In today’s episode of “Bad News to Our Waistlines,” science has just found that our cellphones could be making us gain weight.
To get specific, it’s the type of light being emitted from our cellphone screens that’s at fault and not our dependence on Postmates and GrubHub at 3am—although I suspect that could play a role.
This scientific study from the University of Strasbourg and the University of Amsterdam was presented earlier this month at a conference in the Netherlands.
The study was based on the premise that blue light from LED screens found on our phones, laptops, and tablets have an impact on the areas of the brain that regulate appetite. The retinal sensitivity to these kinds of lights causes our bodies to send a message to our brain telling us to consume more sugar.
The study specifically looked at the effects of blue light exposure on diurnal rats (that are awake during the day and asleep at night, like humans—as opposed to regular rats, who are nocturnal).
The rats were exposed to the blue light at night for one hour. The day after exposure, the rats were given options to choose between rodent food (standard, nutritionally balanced), water, lard, and sugar water.
After the nights with exposure to blue light, the rats consumed more sugar compared to nights with no exposure. The light also seemed to alter their glucose tolerance.
There are a few things to consider. Because the rats were all males, the scientific study does not show if the outcome would be the same on female rats.
The rats were also only tested on for one night, so we have a very short time period to work with. If these effects were repeated, then over time, the rats would experience weight gain and develop diabetes with exposure to blue light.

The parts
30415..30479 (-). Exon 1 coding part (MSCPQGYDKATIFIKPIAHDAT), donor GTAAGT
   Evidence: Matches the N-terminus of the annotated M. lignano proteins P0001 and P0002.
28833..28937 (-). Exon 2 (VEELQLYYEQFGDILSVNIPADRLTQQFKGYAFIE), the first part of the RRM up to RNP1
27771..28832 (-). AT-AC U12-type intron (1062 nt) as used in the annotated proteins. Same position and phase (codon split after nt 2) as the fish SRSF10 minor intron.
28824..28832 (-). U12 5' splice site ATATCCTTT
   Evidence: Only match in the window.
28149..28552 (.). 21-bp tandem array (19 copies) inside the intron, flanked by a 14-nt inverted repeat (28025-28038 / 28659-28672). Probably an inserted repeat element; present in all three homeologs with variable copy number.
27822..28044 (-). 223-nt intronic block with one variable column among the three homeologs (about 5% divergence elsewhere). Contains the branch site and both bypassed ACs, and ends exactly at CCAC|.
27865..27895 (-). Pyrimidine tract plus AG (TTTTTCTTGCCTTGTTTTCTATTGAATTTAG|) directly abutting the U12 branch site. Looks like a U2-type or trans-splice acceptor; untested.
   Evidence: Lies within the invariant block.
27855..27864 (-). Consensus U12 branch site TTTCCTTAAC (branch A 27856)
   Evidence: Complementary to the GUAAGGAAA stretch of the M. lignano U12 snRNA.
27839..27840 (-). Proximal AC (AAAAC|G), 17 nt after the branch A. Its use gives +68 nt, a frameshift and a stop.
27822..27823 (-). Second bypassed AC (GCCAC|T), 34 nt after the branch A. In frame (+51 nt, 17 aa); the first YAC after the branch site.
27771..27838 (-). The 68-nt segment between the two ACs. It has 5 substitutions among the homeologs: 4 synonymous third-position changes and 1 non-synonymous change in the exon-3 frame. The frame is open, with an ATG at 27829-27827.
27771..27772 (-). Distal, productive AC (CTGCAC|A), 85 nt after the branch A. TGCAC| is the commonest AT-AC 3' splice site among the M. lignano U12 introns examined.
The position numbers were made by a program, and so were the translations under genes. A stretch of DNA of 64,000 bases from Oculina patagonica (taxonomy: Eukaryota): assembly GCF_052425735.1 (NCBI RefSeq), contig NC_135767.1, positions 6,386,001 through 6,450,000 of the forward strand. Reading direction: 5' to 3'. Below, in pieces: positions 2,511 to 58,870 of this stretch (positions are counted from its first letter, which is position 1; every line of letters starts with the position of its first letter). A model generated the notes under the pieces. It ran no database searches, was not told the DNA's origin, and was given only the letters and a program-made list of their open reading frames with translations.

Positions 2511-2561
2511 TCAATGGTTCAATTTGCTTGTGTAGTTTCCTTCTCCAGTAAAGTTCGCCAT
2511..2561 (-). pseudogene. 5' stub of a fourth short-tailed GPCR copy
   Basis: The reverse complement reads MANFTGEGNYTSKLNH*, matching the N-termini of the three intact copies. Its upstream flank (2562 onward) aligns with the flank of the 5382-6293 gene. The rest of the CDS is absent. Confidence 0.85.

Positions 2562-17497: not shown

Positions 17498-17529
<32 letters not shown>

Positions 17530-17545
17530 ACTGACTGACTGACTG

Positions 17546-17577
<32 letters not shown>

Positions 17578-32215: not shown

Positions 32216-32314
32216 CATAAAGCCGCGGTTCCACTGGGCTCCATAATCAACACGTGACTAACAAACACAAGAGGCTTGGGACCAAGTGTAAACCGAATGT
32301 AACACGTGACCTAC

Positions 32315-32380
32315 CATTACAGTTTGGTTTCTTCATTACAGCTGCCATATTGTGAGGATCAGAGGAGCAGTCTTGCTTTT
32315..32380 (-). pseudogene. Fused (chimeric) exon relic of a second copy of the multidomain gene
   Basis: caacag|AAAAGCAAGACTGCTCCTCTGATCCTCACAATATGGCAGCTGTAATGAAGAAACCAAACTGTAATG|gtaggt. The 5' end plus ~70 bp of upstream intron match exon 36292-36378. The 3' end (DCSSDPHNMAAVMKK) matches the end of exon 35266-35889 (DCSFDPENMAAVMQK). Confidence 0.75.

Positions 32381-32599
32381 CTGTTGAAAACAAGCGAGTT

Still, even given the limited scope of the results, the authors of the study recommend limiting the time spent in front of screens at night, using night mode on devices, and/or using blue light filtering goggles to lessen the impact of LED lights on our appetite.
Now while this study was conducted on rats, I do think the results send a message of the impact electronic devices have on our human bodies. The recommendation of limiting screen time and using blue light filtering apps and goggles make a lot of sense, not only in terms of appetite control but also because previous studies have shown blue light impacts quality of sleep.
There are more studies on the internet on blue light’s effects on sleep, so I did further research. I was able to discover that the shorter wavelengths in LED light affect our bodies’ ability to produce melatonin, which is the sleepy hormone. To connect the dots further, melatonin also directly affects weight gain/losses, in that it helps your body regulate leptin and adiponectin hormones.
These two hormones regulate your appetite. So while the original study suggests that the appetite change is due to blue light affecting the appetite-regulating part of our brain, it could be possible that the blue light is also disrupting our bodies’ ability to create essential hormones.
Our parents and grandparents used to read a book (real, not electronic) before bed, whereas nowadays we’re scrolling through IG until we’re close to passing out.
Turns out, they were on to something. Personally, I’m terrible at staying off the phone immediately before bed and immediately upon waking up. I am constantly laying down, reaching for my phone, which evidently is not the healthiest habit. With all this research on the negative impacts blue light has on our health, I will definitely be making a conscious effort to step back from the phone. Will you be lessening screen time with me? Sound off below, I would love to hear your thoughts!
This article first appeared on Betches.